With passive income, your money works for you, instead of working for your money. The idea is to collect assets that produce a steady stream of cashflow, month after month, with little or no maintenance. The holy grail of passive income is to collect enough assets to produce an income stream that is greater than your expenses. At this point, time-freedom is achieved. This means you are free to do anything you want with your time and you bills will still be paid.

At the moment of this post, I am not rich in terms of money, but I am rich in terms of how I spend my time. I have built enough passive income to allow me to work out of my house instead of getting a job. I work hard to sustain this standard, but I wouldn’t trade it for anything. I love the fact that I am in control of my time.

Leverage

Passive income is created by using the concept of leverage. Time, technology, and money are all things that can be leveraged; which mulitiplies their power exponentially and produces passive income. Leverage is especially important for people like me, who started without much to invest. By leveraging your time, money, or technology you can make the little you have go a long way.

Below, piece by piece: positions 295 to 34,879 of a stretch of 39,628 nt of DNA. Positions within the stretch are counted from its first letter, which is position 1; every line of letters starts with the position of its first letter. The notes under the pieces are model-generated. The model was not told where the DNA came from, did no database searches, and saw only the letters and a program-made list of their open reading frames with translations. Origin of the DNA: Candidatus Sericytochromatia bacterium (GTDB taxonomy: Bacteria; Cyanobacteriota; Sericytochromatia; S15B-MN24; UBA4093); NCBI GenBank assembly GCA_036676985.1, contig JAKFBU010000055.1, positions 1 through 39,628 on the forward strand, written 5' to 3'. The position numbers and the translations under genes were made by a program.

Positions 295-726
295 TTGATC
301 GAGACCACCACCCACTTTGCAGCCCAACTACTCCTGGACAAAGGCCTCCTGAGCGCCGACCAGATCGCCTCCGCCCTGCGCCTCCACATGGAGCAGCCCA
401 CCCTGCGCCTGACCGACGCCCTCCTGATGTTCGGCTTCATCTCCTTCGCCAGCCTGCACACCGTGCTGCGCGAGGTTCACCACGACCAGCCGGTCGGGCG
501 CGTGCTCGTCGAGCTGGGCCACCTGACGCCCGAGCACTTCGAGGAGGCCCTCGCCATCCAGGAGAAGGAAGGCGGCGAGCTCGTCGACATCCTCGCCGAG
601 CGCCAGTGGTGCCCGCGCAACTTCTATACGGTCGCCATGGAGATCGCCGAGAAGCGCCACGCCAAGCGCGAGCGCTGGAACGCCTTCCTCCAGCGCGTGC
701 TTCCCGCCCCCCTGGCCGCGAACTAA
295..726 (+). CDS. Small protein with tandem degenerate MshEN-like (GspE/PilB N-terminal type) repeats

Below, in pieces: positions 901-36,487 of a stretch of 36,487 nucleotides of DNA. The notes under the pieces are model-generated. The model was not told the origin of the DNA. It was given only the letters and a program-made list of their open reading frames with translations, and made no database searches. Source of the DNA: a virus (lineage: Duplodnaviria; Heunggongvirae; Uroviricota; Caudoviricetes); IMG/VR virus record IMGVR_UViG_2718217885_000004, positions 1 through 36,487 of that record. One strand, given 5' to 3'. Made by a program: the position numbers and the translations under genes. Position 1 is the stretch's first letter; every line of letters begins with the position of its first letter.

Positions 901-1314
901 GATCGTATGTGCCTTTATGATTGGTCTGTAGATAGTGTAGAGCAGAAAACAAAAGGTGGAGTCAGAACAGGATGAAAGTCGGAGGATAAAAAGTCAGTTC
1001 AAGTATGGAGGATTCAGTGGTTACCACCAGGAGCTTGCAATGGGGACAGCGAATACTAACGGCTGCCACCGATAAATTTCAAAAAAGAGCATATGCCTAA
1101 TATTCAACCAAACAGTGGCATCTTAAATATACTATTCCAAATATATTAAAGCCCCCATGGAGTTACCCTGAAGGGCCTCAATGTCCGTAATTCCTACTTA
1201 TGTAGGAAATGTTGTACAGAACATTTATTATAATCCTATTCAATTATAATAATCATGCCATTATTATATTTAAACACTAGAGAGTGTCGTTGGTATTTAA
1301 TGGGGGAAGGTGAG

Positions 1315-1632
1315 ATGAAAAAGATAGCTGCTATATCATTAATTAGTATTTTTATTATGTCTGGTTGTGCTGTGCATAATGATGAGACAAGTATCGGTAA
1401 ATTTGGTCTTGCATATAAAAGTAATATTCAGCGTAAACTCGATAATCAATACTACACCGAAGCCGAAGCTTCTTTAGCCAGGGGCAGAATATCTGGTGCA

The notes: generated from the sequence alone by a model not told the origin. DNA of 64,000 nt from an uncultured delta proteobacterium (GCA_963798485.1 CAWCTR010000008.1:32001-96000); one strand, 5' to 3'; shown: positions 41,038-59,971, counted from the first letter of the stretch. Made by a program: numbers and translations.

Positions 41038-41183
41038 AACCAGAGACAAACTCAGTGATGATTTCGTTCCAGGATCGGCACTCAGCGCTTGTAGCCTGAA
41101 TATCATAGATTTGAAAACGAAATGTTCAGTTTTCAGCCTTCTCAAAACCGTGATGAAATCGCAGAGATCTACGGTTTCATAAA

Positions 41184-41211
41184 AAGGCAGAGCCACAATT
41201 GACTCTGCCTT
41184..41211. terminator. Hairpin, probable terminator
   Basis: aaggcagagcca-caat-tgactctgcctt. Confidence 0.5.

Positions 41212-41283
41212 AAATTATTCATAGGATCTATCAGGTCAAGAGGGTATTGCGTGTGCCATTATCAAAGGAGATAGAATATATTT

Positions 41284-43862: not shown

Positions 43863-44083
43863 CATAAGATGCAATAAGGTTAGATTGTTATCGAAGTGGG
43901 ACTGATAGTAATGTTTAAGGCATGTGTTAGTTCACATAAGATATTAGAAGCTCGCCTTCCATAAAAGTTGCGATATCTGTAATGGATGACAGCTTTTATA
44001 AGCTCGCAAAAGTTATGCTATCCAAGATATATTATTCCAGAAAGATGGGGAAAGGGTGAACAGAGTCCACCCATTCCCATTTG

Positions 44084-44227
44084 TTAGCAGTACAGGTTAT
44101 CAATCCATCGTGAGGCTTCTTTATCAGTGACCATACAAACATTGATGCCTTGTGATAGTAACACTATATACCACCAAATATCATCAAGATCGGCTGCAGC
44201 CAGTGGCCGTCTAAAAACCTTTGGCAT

Leveraging Money

A person leverages money by borrowing to buy an asset in order to produce more money. An important point to understand about leveraging money is that both returns and losses are multiplied under this method, so it is important to find the right asset at the right price to minimize the possibility for losses.

Robert Kiyosaki and Robert Allen are famous for teaching people to leverage money in real estate. They point out that it is possible to buy a $100,000 house with a down payment of only $5,000. This means that a person can control a $100,000 asset without having to save all of that money. If the house appreciates 5% per year, she will be getting a $5,000 per year return on her investment of $5,000. That’s a 100% return.